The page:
An open letter to house flippers


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Photo credit: SCOTT SIDLER

Dear Flippers:

Please stop.

You are so busy trying to get things done under time and under budget that you are turning our beautiful old homes into cheap, off-the-shelf, particle board–infested, Ikea knockoffs. And the pace with which you move is breathtaking.

I speak to you as a neighbor of your future buyer, as a historic preservation contractor, and as a green building advocate. I realize that the latter two personas may cause you to immediately dismiss my words, but let me assure you that flipping houses does not have to be contrary to them at all.

I have worked with many developers of historic buildings whose focus on retaining and utilizing the valuable original fabric of these old buildings is applause-worthy. I call them developers and not flippers because — even when working on a very small project — they have a long-term focus on the value of their investment and how to not only make the most money but also create a beautiful and cohesive product.

What I’m against is the “strip it bare, we don’t care” mentality that too many flippers have with our old housing stock.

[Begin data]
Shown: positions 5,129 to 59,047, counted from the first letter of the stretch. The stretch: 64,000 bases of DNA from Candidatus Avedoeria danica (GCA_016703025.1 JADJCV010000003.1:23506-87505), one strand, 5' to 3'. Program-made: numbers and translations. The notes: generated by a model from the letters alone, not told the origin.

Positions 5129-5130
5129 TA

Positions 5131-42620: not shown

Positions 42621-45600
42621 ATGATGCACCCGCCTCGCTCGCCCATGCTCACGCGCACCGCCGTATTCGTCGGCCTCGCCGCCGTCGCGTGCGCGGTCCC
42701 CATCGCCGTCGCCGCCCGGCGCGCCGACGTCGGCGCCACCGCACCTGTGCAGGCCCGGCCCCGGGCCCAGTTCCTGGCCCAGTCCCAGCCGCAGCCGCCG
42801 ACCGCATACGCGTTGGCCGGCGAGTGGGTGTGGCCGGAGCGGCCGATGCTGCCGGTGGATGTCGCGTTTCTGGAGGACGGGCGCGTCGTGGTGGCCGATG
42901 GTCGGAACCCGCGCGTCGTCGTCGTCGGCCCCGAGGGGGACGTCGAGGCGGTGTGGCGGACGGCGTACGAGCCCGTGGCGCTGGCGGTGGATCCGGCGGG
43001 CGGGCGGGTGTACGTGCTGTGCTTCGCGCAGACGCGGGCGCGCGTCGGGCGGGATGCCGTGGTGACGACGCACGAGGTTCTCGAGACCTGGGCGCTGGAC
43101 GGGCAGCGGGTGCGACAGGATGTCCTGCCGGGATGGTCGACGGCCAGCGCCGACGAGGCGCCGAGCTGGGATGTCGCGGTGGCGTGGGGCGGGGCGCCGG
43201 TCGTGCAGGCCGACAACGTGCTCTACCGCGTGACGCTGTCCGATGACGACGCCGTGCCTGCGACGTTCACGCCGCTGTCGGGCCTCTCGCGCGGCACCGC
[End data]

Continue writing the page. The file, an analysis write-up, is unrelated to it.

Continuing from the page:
You’ve been lied to.

The building industry has lied to you with misleading studies about energy-efficiency and ROI on home values. They have seduced you by hawking inexpensive products that look like the real thing but won’t last more than a couple of seasons.

And when those cheap, cosmetic fixes you do begin to fail, I get the calls to repair them. In your zeal to keep costs down, you might fall prey to the tyranny of the lowest bidder and hire the cheapest subcontractors you can find. These subs offer an “end of driveway” warranty on their work, but what do you care, right? It just has to look good enough to get it sold, and then it’s someone else’s problem.

That someone else is my neighbor or even me! You are hurting people by selling them a bill of goods. You are hurting our neighborhoods. We don’t need more cheap, disposable, easily forgettable homes.

We need flippers who can recognize the value of the buildings they’ve purchased and know where to put their money to make improvements — not just changes.

We need flippers who restore windows and plaster and wood floors not necessarily because they care about saving the history but because they understand the value in these materials that are already installed.

We need flippers who care about the next owner more than they care about squeezing an extra couple of hundred dollars out of the project.

Please, won’t you help us?

Sincerely,

Your Orlando neighbors

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